After years of watching less talented and less accomplished bands enter the Rock ‘n Roll Hall of Fame, Yes will take its rightful spot among the greatest musicians of the last 60 years in April. Before that happens, however, the band is putting the final touches on a brief tour throughout the South and the Southeast that will see them playing the Mahaffey Theater in St, Petersburg on Saturday, Feb. 11, and at the Pompano Beach Amphitheatre on Sunday, Feb. 12.
Alan White is expected to take his place behind the drum kit when the band hits Florida after having missed the band’s summer tour due to back surgery and will be joined by longtime members Steve Howe and Geoff Downes, along with Jon Davison and Billy Sherwood.
The mini tour is part of their Album Series, so the band will play 1980’s Drama in its entirety, along with sides 1 and 4 from 1973’s Tales from Topographic Oceans, which really just consists of the songs “The Revealing Science of God (Dance of the Dawn)” and “Ritual (Nous Sommes du Soleil).”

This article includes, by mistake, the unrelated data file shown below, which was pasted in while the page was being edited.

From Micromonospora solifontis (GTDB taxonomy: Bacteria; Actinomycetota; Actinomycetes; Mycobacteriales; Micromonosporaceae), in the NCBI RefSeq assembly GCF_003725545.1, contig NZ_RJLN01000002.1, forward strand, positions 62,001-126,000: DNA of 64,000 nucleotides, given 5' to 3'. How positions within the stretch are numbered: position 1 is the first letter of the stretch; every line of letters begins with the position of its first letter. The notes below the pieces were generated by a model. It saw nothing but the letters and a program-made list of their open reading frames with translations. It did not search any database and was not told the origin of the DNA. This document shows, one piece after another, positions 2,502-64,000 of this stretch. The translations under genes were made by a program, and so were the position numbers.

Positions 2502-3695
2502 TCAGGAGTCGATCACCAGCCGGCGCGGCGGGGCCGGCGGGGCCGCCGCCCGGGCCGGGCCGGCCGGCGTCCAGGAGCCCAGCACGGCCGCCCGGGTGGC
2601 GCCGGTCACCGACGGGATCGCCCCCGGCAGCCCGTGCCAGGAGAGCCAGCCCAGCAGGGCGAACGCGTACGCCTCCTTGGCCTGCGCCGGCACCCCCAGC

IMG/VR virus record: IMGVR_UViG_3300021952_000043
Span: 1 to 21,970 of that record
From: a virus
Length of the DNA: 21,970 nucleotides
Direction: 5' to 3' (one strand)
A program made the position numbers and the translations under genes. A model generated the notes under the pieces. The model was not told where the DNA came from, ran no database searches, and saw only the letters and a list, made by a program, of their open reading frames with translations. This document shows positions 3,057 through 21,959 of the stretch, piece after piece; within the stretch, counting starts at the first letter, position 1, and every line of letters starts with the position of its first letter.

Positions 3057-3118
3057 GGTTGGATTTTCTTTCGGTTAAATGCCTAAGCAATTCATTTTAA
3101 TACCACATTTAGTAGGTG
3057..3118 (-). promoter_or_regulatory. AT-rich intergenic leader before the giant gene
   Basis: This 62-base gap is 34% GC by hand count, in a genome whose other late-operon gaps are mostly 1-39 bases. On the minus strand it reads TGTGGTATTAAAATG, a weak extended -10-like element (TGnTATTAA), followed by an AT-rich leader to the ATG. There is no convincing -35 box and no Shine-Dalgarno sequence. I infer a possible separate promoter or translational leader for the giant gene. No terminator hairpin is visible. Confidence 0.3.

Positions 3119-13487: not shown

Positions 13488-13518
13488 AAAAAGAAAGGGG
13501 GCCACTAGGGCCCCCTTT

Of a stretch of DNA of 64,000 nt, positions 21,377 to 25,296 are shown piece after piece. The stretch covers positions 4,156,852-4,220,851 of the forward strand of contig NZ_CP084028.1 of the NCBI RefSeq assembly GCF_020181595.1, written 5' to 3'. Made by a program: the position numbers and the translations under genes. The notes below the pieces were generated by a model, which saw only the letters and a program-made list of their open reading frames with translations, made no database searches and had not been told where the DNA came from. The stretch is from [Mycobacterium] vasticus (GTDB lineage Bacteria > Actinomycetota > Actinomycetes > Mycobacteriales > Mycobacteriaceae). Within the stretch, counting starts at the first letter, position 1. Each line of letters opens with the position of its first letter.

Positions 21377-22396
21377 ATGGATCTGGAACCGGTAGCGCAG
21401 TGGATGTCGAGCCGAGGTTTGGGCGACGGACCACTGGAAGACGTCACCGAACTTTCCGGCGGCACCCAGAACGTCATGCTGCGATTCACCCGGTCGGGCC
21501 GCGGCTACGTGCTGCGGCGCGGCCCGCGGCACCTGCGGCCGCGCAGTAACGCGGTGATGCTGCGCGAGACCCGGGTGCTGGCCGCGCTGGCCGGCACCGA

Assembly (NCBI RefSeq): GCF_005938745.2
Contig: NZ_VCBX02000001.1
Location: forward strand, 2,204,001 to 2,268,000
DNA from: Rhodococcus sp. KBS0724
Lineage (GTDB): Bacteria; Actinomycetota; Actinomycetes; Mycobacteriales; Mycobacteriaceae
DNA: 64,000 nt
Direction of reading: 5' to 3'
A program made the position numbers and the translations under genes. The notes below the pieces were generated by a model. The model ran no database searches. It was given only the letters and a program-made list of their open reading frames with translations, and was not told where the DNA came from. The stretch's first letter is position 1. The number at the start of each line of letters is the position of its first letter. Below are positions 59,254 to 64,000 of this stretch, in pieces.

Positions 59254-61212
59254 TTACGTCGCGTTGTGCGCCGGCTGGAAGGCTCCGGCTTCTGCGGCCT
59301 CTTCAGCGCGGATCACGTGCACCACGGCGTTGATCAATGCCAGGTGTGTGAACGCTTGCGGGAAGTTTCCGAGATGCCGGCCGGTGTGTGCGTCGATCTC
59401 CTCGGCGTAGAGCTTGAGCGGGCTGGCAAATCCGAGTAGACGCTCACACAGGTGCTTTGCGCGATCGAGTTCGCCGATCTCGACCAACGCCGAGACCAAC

Rather peculiar choices for sure, as the band plays the first album made without former singer Jon
Anderson and then plays several songs from one of the albums that has Anderson’s fingerprints all over it, but when you’ve been around for nearly 50 years you can pretty much do things the way you want to.
The band did play the two Tales from Topographic Oceans songs during their summer tour and they were well-received.
Musically, the band may not be at its peak, which is to be expected when you’re pushing 70 as Howe is, but they’re still solid all the way around. A little time off may have been good for White, who has always been one of rock music’s most underrated drummers. Downes is a solid replacement for the talented Wakeman on keyboards and has a long history with the band, having first stepped into Yes in 1980 for the recording of Drama and then again in 2006. One of the founding members of Asia, Downes is a definite plus to the band.
Yes is known for giving fans their money’s worth, which typically means playing several hours. In addition to the two albums listed, you can expect a good range of the band’s classic hits, such as I’ve
Seen All Good People, Owner of a Broken Heart and Roundabout. The only problem is they won’t be able to play everything that people want to hear, but it isn’t their fault they’ve put out good music for nearly half a century.
If you like Yes, you won’t be disappointed with the current band and it’s well worth the drive to see them. You never know when they will decide the current tour is their last, as like all of us, they’re not getting any younger.